Wednesday, July 25, 2007

Libraries look for magic number

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Johnny Simon⁄Special to The Gazette
Library workers Eric Carzon (right) and Mary Ellen Icaza chat in Gaithersburg while packing up audio copies of the Harry Potter finale.
While thousands of Montgomery County residents purchased copies of ‘‘Harry Potter and the Deathly Hallows” Friday night, many others chose to wait until Saturday morning, when they could get it for free.

Surrounded by dozens of boxes, books, tapes and CDs, 20 Montgomery County librarians and library assistants worked arduously at the library system’s Gaithersburg warehouse Saturday morning to get the most popular book in the world to the county library’s patrons.

‘‘I can’t promise they’ll all be there when the libraries open,” Kathie Meizner, collection management chief for Montgomery County Public Libraries, said Saturday, ‘‘but we’re sure going to try.”

Branches across the county opened at 9 and 10 a.m. Saturday. In preparation for the rush, the county placed an unprecedented order: 446 copies of the book were ordered, which is more than any other book the library system has ever ordered for its 23 libraries.

The second most popular book in the county’s circulation is ‘‘The Da Vinci Code,” but since the popularity of that book grew over time, Meizner said, the initial purchase wasn’t that great.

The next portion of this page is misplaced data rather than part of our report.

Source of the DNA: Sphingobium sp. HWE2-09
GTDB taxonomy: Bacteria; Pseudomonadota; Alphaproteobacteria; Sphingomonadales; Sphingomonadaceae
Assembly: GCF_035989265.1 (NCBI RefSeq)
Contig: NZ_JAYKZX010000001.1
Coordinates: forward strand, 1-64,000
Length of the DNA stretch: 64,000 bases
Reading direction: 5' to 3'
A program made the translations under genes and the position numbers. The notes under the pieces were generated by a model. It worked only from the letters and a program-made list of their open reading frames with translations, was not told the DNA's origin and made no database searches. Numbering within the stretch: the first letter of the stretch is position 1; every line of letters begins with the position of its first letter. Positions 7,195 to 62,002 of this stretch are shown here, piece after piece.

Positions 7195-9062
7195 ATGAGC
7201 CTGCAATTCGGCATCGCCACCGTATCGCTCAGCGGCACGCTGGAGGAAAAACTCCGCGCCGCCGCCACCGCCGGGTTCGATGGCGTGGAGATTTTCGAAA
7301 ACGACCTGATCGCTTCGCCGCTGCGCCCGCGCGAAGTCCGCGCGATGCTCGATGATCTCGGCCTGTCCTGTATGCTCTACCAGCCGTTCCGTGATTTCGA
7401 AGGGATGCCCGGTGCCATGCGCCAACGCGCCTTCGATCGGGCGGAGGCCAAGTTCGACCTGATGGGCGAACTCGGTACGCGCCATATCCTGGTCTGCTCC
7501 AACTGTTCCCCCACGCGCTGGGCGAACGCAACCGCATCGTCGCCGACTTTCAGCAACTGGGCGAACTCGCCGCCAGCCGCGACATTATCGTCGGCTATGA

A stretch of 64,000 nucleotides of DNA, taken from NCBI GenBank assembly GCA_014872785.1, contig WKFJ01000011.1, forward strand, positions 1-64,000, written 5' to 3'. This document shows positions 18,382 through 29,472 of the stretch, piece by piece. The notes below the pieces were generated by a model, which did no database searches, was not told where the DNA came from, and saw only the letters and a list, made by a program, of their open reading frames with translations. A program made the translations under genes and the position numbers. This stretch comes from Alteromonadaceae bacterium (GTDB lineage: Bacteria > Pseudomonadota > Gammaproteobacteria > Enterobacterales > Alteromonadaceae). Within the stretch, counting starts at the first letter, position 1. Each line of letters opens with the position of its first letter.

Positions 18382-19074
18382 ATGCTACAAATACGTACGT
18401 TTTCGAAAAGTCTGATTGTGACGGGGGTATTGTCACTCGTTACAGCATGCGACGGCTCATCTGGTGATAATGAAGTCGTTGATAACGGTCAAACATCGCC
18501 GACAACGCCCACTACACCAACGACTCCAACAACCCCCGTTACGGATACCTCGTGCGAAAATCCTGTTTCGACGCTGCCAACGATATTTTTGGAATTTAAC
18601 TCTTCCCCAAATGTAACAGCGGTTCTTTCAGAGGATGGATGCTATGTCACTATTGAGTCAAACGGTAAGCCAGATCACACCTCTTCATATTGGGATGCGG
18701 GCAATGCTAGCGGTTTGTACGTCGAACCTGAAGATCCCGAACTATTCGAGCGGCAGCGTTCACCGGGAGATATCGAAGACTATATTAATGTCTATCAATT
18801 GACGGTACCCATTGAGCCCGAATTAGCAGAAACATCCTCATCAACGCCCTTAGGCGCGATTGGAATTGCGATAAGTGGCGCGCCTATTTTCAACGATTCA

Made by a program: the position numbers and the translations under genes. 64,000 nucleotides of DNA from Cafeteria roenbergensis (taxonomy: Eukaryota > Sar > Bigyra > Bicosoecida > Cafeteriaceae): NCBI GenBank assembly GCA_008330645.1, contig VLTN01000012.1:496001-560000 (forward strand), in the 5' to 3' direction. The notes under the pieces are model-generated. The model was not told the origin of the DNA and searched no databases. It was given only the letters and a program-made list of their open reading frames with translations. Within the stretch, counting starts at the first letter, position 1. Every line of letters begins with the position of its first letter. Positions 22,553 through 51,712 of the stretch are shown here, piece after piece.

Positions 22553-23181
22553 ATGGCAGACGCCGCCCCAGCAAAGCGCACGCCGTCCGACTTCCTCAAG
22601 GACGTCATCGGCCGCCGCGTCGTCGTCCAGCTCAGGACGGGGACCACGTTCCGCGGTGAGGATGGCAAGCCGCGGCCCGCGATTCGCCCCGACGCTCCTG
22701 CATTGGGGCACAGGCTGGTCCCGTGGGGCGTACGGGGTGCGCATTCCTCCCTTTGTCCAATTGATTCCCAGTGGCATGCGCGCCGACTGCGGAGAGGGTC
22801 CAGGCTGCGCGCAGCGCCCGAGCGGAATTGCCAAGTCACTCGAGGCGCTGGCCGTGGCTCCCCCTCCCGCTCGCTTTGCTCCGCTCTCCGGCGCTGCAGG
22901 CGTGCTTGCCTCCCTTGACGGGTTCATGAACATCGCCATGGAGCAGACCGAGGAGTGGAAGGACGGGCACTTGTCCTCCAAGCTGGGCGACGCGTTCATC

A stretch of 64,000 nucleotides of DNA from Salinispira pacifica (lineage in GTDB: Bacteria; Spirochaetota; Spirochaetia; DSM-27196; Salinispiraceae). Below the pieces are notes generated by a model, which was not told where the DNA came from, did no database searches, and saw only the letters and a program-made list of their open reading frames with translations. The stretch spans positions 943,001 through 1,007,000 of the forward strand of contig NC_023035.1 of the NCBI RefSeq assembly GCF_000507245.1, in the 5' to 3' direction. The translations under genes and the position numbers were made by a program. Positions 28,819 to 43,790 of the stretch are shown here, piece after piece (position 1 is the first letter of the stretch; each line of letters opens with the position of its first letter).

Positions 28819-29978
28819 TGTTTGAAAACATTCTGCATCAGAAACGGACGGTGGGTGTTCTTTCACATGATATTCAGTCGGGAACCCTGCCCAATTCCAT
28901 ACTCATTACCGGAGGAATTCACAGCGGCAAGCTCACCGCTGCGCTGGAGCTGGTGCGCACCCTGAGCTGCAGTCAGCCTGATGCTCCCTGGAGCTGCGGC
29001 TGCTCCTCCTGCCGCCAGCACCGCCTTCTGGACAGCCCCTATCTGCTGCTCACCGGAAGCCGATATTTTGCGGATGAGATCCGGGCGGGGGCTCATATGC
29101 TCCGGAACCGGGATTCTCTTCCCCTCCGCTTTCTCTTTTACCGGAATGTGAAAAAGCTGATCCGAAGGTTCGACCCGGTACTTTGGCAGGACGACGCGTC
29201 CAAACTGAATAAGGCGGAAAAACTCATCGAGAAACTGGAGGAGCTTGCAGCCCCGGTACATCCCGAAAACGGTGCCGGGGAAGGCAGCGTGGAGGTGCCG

Of the 446 copies, 276 will be used to fill holds placed by library patrons, and the remaining 170 are available in each library’s ‘‘Seven-day express” section, which highlights recent arrivals and best sellers in the libraries. As of Saturday, there were nearly 800 holds placed on the book, leaving 524 patrons to either scurry for one of the seven-day express copies or to wait until their name comes up on the hold list, which could take weeks.

‘‘We would love to put one in the hands of every person that wants one, but that’s impossible,” Meizner said.

The county ordinarily tries to purchase one book for every three or four people who have a hold in place, Meizner said.

For hours on Saturday morning, library employees sifted through the hundreds of books, pulling each out of the box, affixing them with the proper bar codes, then placing them in new boxes, labeled ‘‘Bethesda,” ‘‘Damascus,” or ‘‘Silver Spring.”

The number of each book or book on tape sent to each branch was dependent on the number of holds placed at that library, as well as the general size of the branch’s collection. The Gaithersburg branch received the most copies in the county, with 50, while Poolesville got only six copies.